THE HOLIDAY - Q&A with Cameron Diaz
CAMERON DIAZ plays Amanda Woods in THE HOLIDAY
Please begin by describing your character in THE HOLIDAY?
CD: My character Amanda Woods is just like every other girl. She has one part of her life all tied up...at work, that works and this other part of her life is a total mess at all times. She has her career figured out, she is doing something that she loves, she is very successful but she hasn't quite figured out how to make love work. Her biggest challenges are that she hasn't taken time to know who she is.
Is one of the messages in the film that true love can often be elusive?
CD: I think it is hard out there. You don't fall in love every day. You don't fall in love with every person that you meet. It's special. Like Nancy Meyers says...when you see someone walking down the street holding hands you think...'Gosh, that's so great. They found each other!' It is something to be celebrated for sure. Our world is so complicated that it does take a lot to make things work. But I think that the basis of all of it is that you can't really please someone until you know how to please yourself. You can't really be happy with someone else until you are happy with yourself. That's what Amanda doesn't understand. She doesn't understand that she doesn't know who she is. She doesn't even know how she functions; outside of what she does on a day-to-day basis she has no idea. She hasn't read the books that she wants to read, she hasn't gone anywhere, she hasn't taken any time off. She doesn't even know what she would do if she was sitting in a room by herself. She goes through this whole voyage of self-discovery. She is in this little cottage in the middle of nowhere; going 'what now, what do I do now?' It is through all that process that she figures out who she is. When she does that she realises that she is actually capable of being open to the possibilities of having real love come to her.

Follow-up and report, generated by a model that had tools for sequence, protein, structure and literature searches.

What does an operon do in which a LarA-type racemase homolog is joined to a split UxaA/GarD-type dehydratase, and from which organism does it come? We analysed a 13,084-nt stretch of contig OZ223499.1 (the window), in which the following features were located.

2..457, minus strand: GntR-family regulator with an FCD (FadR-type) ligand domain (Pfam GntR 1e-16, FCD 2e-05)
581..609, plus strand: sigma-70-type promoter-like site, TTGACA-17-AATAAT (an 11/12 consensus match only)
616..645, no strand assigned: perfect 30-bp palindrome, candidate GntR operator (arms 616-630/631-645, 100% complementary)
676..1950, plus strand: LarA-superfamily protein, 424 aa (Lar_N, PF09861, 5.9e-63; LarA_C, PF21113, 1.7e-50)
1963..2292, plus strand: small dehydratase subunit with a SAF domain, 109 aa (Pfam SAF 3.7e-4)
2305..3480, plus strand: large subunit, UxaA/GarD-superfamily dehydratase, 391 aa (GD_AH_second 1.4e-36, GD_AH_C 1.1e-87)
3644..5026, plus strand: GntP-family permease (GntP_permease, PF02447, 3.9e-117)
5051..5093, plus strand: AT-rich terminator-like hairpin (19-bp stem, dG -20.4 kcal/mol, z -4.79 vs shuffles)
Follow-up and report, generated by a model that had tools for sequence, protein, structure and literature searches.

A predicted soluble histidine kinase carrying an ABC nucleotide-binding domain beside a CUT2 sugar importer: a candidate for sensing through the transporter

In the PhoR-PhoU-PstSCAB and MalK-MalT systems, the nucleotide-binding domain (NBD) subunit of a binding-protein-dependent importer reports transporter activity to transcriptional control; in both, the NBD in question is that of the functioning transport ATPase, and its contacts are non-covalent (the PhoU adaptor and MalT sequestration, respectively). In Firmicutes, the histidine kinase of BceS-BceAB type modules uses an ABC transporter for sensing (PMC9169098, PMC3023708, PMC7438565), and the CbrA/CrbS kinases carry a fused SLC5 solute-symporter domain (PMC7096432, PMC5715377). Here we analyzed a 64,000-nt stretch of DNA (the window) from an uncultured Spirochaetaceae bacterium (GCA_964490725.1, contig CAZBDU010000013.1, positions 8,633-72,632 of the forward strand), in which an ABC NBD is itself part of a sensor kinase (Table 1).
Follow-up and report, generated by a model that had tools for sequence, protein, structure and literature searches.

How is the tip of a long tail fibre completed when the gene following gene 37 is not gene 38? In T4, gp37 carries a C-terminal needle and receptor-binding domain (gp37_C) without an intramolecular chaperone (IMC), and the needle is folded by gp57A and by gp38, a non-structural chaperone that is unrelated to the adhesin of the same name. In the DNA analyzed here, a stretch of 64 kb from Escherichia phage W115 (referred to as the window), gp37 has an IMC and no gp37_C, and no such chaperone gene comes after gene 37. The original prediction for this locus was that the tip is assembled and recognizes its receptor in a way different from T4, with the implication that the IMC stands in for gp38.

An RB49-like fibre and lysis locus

There is a great scene in THE HOLIDAY when Jude Law breaks down in tears. What was that sequence like for the two of you?
CD: What is so great is that Jude is not afraid to cry. In this film he's not afraid to let his character fall in love. A lot of guys are like...I'm not going to fall in love. They don't give themselves over to that and he really does and it's wonderful and his character is a self-proclaimed weeper and he makes light of it. But there is a moment where he really does have his moment where he is feeling it...and it's lovely. It was very sweet.
Another emotion that we see in THE HOLIDAY is anger when your character punches Ed Burns. Did that feel good and did you really connect?
CD: It's movie magic; it's all tricks, angles and such. Eddie was great, a real trouper on that. We had such a great crew of professionals who could make it look like I made that deep connection. But no, I didn't actually hit him. I was miles away.
But if you had hit him it would have hurt him because you looked as if you knew what you were doing.
CD: Yeah! I threw a few punches here and there. He took it on the chin. He took it good. Eddie is fantastic in the film. I wish he were in it more.
The idea of leaving sunny California for miserable, cold England is interesting. Is it something that you'd actually do for Christmas?
CD: Oh for sure! I am from Southern California so most of my Christmases are big blue skies with billowy clouds and 70 degrees. It is always crisp and beautiful. I would love to wake up one morning with just a little flurry of snow outside the window for Christmas.
If you were in England for Christmas what might be on your menu?
CD: I don't know why I have not discovered this before in the many years that I have been coming to England...scones, clotted cream and preserves! I don't know why that has not been in my stomach. Why I was not introduced to that sooner - it's the most beautiful thing.
So that would be the ideal present from someone from this country who was trying to woo you...scones and clotted cream?
CD: Yeah, scones and real clotted cream. I did this thing that I called a 'knife scone'. When the scones were all gone and there was still cream and preserves left, I would scoop that all up with the knife and make a knife scone! Then I'd eat it all. There was a scene that got cut out of the film when I am in a café and there is a big thing of scones and clotted cream in front of me. We shot it for a week. I'd take the top off the cream every time.
Are you a collector of DVDs and what do you like about them?
CD:I love DVDs because you can push 'pause'. I love that 'pause' feature. I also appreciate all the specials on them. It's always great to see a director's extra cut...the scenes that did not make it to the theatrical release and the process of the filmmaker. The commentary is also great.
DVDs also let you dip into classic movies.
CD: Yes that's true. There is a lot of restoration happening. It is a great way to preserve films by just having the DVD in your collection.
Question & Answer Text Copyright Universal Pictures UK